the next morning, the fifteenth, Gen. Franklin
passed through the Gap, advancing about a mile,
and finding the enemy drawn up in line of battle
in his front, drew his own forces up in line of
battle. While thus situated, the cannonading in
the direction of Harper s Ferry, which had been
heard veiy distinctly all the morning Harper s
Ferry being about seven miles distant suddenly
ceased, whereupon Gen. Franklin sent word to
Gen. McClellan of the probable surrender of Har
per s Ferry by Colonel Miles, and did not deem it
necessary to proceed further in that direction.
The battle of South-Mountain was fought on
Sunday, the fourteenth.
On the same day, Sunda} -, during the after
noon, the enemy at Harper s Ferry attacked the
extreme left of the line on Bolivar Heights, but
after some time were repulsed by the troops
under command of General W r hite.
Sunday night the cavalry at Harper s Ferry
made their escape, under Colonel Davis of the
Twelfth Illinois cavalry, by permission of Colonel
Miles, and reached Greencastle, Pa., the next
morning, capturing an ammunition-train belong
ing to Gen. Longstreet, consisting of some fifty
or sixty wagons. The Commission regard this
escape of the cavalry, etc.
Several of the infantry officers desired permis-
sion to cat their way out at the same time the
cavalry made their escape, but Col. Miles refused,
upon the ground that he had never been ordered
to hold Harper s Ferry to the last extremity.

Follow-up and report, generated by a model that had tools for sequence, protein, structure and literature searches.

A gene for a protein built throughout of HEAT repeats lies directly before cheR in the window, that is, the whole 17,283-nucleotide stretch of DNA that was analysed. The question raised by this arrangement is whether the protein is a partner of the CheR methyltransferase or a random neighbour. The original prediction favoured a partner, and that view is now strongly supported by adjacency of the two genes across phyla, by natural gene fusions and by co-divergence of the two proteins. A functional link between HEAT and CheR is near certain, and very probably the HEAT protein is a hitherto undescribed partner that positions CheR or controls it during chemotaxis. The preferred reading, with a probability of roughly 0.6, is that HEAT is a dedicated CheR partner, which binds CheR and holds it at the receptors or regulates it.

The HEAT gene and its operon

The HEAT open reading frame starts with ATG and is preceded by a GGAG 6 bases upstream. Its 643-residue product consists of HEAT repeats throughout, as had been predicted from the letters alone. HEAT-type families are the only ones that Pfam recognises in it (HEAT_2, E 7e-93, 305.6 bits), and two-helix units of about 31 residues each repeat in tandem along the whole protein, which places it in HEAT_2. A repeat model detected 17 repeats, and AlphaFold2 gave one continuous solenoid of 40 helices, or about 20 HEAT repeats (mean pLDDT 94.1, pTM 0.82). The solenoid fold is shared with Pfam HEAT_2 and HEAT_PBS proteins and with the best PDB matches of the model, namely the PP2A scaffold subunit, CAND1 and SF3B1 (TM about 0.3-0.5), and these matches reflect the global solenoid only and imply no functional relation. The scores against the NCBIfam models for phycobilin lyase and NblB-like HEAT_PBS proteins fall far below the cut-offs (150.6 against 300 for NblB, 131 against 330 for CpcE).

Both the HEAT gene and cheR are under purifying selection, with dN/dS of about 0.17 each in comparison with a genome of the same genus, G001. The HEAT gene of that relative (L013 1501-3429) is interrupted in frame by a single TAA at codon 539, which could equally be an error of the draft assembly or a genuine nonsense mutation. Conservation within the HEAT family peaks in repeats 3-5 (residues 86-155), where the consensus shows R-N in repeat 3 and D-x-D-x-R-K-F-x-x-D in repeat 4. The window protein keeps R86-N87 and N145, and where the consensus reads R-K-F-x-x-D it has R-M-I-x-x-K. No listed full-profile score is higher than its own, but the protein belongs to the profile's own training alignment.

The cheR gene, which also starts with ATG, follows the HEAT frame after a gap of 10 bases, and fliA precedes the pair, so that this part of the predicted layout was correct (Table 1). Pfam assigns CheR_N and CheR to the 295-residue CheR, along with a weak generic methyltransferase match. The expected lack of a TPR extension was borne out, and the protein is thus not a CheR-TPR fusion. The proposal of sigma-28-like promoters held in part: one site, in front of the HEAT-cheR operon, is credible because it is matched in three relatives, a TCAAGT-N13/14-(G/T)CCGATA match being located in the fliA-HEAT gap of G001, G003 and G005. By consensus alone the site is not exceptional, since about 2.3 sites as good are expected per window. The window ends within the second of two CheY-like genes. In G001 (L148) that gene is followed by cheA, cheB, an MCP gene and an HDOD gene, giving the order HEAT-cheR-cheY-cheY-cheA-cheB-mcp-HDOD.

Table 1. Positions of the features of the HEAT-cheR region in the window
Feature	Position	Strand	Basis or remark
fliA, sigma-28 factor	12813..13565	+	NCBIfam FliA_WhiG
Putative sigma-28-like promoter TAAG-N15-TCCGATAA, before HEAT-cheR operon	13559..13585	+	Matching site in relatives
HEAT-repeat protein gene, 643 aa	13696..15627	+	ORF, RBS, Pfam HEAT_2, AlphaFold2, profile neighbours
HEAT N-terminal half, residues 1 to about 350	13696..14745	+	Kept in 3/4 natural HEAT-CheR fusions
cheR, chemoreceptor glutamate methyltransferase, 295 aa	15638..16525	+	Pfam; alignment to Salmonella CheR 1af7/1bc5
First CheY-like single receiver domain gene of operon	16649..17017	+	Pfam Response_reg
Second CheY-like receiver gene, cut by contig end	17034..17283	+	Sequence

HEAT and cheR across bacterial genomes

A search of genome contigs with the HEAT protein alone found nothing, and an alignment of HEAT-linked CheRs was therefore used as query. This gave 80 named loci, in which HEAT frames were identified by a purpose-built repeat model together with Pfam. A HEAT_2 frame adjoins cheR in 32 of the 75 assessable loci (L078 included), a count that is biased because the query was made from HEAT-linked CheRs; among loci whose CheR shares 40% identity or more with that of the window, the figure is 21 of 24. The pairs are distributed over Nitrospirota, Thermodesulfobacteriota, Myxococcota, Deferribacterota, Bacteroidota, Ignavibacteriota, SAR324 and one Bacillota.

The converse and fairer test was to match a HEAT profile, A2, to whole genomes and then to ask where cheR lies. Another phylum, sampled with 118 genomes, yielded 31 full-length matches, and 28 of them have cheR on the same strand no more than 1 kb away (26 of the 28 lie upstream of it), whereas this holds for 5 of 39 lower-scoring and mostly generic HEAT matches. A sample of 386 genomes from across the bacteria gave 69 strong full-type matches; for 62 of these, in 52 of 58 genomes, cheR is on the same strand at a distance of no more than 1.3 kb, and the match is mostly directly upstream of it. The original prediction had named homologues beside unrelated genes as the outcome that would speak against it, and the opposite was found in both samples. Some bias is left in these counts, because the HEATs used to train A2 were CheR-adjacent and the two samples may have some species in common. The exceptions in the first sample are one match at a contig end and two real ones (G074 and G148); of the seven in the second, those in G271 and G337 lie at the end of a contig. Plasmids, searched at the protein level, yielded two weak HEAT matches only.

On the morning of the fifteenth the enemy
opened their batteries from several points seven
to nine as estimated by different witnesses di
recting their attack principally upon our batteries
on the left of Bolivar Heights. The attack com
menced at daybreak. About seven o clock Col.
Miles represented to Gen. White that it would
be necessary to surrender. Gen. White suggest
ed that the brigade commanders be called to
gether, which was done. Col. Miles stated that
the ammunition for the batteries was exhausted,
and he had about made up his mind to surrender.
That was agreed to by all present, and General
White was sent by Col. Miles to arrange terms.
The white flag was raised by order of Colonel
Miles, but the enemy did not cease fire for some
half or three quarters of an hour after. Colonel
Miles was mortally wounded after the white flag
was raised. The surrender was agreed upon
about eight A.M. on Monday, the fifteenth of
The following was the testimony respectively